Headlines > News > Cassini Sees Heat Below the Icy Surface of Enceladus

Cassini Sees Heat Below the Icy Surface of Enceladus

Published by Klaus Schmidt on Mon Mar 13, 2017 11:29 pm via: NASA
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A new study in the journal Nature Astronomy reports that the south polar region of Saturn’s icy moon Enceladus is warmer than expected just a few feet below its icy surface. This suggests that Enceladus’ ocean of liquid water might be only a couple of miles beneath this region — closer to the surface than previously thought.

The excess heat is especially pronounced over three fractures that are not unlike the “tiger stripes” — prominent, actively venting fractures that slice across the pole — except that they don’t appear to be active at the moment. Seemingly dormant fractures lying above the moon’s warm, underground sea point to the dynamic character of Enceladus’ geology, suggesting the moon might have experienced several episodes of activity, in different places on its surface.

This enhanced-color Cassini view of southern latitudes on Enceladus features the bluish "tiger stripe" fractures that rip across the south polar region.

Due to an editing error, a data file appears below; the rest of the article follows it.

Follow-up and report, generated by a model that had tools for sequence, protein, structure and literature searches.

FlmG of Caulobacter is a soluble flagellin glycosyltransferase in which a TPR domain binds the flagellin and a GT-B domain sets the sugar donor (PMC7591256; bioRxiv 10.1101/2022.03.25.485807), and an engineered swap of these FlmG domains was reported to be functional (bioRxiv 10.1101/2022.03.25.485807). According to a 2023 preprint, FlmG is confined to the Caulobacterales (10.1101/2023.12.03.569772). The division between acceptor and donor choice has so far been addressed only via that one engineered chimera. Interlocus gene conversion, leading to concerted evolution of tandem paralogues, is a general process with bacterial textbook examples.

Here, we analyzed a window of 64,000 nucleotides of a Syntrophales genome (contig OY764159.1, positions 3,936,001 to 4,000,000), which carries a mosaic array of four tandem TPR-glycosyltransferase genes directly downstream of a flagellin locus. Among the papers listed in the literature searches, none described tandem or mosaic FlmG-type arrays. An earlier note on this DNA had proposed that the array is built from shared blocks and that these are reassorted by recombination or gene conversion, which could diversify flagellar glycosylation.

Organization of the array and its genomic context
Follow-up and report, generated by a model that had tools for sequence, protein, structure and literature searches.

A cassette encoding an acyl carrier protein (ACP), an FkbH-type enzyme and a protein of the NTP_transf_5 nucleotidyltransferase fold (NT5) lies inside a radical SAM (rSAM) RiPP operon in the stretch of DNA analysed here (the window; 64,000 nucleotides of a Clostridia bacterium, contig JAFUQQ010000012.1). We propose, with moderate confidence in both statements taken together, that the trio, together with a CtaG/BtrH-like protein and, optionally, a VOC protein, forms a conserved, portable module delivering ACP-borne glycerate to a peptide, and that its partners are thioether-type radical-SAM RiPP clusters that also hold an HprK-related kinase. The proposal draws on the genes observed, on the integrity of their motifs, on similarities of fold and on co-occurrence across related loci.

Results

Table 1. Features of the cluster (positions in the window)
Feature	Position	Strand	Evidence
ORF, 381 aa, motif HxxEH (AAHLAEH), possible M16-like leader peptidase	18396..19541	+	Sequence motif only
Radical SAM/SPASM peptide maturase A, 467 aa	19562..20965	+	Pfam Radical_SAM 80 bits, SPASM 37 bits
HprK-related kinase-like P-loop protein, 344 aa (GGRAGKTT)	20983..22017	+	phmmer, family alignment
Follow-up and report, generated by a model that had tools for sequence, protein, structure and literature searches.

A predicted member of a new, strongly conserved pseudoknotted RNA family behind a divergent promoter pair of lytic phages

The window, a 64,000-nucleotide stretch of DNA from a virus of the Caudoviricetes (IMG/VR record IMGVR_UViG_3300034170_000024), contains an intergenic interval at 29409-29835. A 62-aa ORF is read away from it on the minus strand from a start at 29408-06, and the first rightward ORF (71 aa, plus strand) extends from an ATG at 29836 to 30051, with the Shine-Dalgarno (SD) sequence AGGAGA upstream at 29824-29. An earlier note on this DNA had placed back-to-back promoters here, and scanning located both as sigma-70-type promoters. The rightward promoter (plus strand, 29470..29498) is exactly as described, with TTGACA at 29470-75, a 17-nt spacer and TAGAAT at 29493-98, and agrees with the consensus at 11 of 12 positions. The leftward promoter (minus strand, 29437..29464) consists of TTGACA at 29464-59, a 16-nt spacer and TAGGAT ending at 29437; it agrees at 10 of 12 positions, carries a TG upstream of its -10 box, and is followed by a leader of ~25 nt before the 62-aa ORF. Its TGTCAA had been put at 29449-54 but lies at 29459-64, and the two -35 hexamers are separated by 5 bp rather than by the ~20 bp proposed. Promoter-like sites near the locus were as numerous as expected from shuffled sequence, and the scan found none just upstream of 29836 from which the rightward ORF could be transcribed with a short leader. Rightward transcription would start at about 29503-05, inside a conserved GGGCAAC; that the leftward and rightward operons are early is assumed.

This enhanced-color Cassini view of southern latitudes on Enceladus features the bluish "tiger stripe" fractures that rip across the south polar region.

The finding agrees with the results of a 2016 study by a team independent of the Cassini mission that estimated the thickness of Enceladus’ icy crust. The studies indicate an average depth for the ice shell of 11 to 14 miles (18 to 22 kilometers), with a thickness of less than 3 miles (5 kilometers) at the south pole.

“Finding temperatures near these three inactive fractures that are unexpectedly higher than those outside them adds to the intrigue of Enceladus,” said Cassini Project Scientist Linda Spilker at NASA’s Jet Propulsion Laboratory, Pasadena, California. “What is the warm underground ocean really like and could life have evolved there? These questions remain to be answered by future missions to this ocean world.”

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